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Food Trucks, Cultural Identity, and Social Justice
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Food Trucks, Cultural Identity, and Social Justice: From Loncheras to Lobsta Love

Julian Agyeman, Caitlin Matthews, and Hannah Sobel

Abstract

The urban foodscape is changing, rapidly. Fish tacos, vegan cupcakes, gourmet pizzas, and barbeque ribs, and all served from the confines of cramped, idling, and often garishly painted trucks. These food trucks, part of a wider phenomenon of street food vending, while common in the global South, are becoming increasingly common sights in many cities, towns, and universities throughout the United States and Canada. Within the past few years, urban dwellers of all walks have flocked to these new businesses on wheels to get their fix of food that is inventive, authentic, and often inexpensive. In ... More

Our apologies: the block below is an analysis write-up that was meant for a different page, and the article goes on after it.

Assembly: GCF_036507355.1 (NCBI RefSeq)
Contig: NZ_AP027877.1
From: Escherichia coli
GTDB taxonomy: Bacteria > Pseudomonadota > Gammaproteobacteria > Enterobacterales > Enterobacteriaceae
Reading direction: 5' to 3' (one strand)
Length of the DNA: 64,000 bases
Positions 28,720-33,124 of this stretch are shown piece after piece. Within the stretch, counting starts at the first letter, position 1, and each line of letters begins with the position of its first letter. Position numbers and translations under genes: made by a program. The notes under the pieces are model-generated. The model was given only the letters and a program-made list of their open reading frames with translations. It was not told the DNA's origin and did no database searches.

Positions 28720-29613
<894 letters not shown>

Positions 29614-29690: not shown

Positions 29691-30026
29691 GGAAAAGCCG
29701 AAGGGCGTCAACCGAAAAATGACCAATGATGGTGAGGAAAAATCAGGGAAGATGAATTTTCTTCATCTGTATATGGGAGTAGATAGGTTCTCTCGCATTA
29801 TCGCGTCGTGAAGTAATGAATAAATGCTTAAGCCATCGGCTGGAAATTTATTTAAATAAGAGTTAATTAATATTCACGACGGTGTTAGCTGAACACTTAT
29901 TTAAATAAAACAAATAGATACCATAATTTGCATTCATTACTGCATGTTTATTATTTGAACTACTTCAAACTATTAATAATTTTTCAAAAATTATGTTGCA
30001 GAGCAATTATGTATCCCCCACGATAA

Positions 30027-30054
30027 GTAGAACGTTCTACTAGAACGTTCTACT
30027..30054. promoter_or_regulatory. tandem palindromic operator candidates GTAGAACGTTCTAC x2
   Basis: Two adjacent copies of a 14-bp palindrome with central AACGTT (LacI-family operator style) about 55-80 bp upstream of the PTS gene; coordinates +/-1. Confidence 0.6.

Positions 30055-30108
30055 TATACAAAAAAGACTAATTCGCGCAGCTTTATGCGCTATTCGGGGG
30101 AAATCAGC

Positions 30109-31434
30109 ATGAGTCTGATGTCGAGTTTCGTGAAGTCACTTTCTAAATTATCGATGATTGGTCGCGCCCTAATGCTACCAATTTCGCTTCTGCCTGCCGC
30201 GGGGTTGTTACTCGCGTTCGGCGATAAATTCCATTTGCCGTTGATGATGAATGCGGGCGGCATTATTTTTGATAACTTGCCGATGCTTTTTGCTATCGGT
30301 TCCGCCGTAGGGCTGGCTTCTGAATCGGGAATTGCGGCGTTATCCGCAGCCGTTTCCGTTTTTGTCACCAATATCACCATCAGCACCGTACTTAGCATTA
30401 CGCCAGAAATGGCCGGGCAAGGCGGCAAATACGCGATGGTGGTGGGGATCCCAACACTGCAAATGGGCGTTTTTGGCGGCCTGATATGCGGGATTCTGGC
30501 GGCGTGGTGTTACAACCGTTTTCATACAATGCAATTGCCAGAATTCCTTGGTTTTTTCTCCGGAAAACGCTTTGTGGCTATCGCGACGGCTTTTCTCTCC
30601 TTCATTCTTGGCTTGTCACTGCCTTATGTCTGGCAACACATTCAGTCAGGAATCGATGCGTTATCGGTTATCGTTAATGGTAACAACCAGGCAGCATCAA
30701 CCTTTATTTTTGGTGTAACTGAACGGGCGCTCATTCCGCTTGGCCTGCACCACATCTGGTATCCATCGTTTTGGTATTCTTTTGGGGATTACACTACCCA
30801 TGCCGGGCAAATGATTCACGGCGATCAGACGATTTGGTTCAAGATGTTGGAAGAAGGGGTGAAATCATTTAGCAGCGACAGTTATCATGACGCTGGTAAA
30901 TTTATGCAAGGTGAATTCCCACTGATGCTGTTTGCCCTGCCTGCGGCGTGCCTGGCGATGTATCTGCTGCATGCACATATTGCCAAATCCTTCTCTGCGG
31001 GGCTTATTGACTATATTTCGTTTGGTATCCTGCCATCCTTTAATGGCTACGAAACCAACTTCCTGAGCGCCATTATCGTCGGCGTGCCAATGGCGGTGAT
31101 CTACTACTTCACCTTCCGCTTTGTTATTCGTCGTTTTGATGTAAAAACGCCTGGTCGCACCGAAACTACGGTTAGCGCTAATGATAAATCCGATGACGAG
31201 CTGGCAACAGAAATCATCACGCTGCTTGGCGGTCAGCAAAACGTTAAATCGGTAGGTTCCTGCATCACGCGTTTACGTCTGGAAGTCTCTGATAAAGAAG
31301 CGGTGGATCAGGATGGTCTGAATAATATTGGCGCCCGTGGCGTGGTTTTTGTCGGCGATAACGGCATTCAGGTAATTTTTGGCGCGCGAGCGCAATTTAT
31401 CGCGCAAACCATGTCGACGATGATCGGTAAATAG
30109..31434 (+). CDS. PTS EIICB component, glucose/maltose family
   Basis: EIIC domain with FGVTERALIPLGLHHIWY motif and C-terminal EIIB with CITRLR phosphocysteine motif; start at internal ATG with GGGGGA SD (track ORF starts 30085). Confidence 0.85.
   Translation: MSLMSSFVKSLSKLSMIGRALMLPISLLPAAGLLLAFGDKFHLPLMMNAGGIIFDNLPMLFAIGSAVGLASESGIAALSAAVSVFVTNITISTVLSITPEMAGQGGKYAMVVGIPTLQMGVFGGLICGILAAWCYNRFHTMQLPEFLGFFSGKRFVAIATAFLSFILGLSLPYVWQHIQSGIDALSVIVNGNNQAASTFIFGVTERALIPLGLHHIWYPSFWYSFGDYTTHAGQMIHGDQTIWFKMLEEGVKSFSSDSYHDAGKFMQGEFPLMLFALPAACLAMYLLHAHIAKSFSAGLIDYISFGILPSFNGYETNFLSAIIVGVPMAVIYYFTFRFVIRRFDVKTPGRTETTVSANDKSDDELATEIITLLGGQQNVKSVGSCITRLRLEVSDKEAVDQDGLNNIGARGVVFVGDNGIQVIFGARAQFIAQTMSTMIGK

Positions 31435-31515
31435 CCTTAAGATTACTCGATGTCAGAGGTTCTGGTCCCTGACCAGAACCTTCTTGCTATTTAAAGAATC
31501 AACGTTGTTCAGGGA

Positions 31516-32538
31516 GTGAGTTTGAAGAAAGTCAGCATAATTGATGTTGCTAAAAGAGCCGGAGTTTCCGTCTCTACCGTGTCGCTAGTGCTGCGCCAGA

Keywords: Food trucks, Street vending regulation, Social justice, Cultural identity, Right to the city, City branding, Entrepreneurship, Immigration, Spatial practices, Gentrification

Bibliographic Information

Print publication date: 2017 Print ISBN-13: 9780262036573
Published to MIT Press Scholarship Online: May 2018 DOI:10.7551/mitpress/9780262036573.001.0001

Authors

Affiliations are at time of print publication.

Julian Agyeman, editor
Tufts University

Caitlin Matthews, editor
Tufts University

Hannah Sobel, editor
Tufts University

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Contents

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1 Introduction

Julian Agyeman, Caitlin Matthews, and Hannah Sobel

I Democratic vs. Regulatory Practices

5 Stuck in Park: New York City’s War on Food Trucks

Sean Basinski, Matthew Shapiro, and Alfonso Morales

II Spatial-Cultural Practices

Reflections

Julian Agyeman, Caitlin Matthews, and Hannah Sobel

End Matter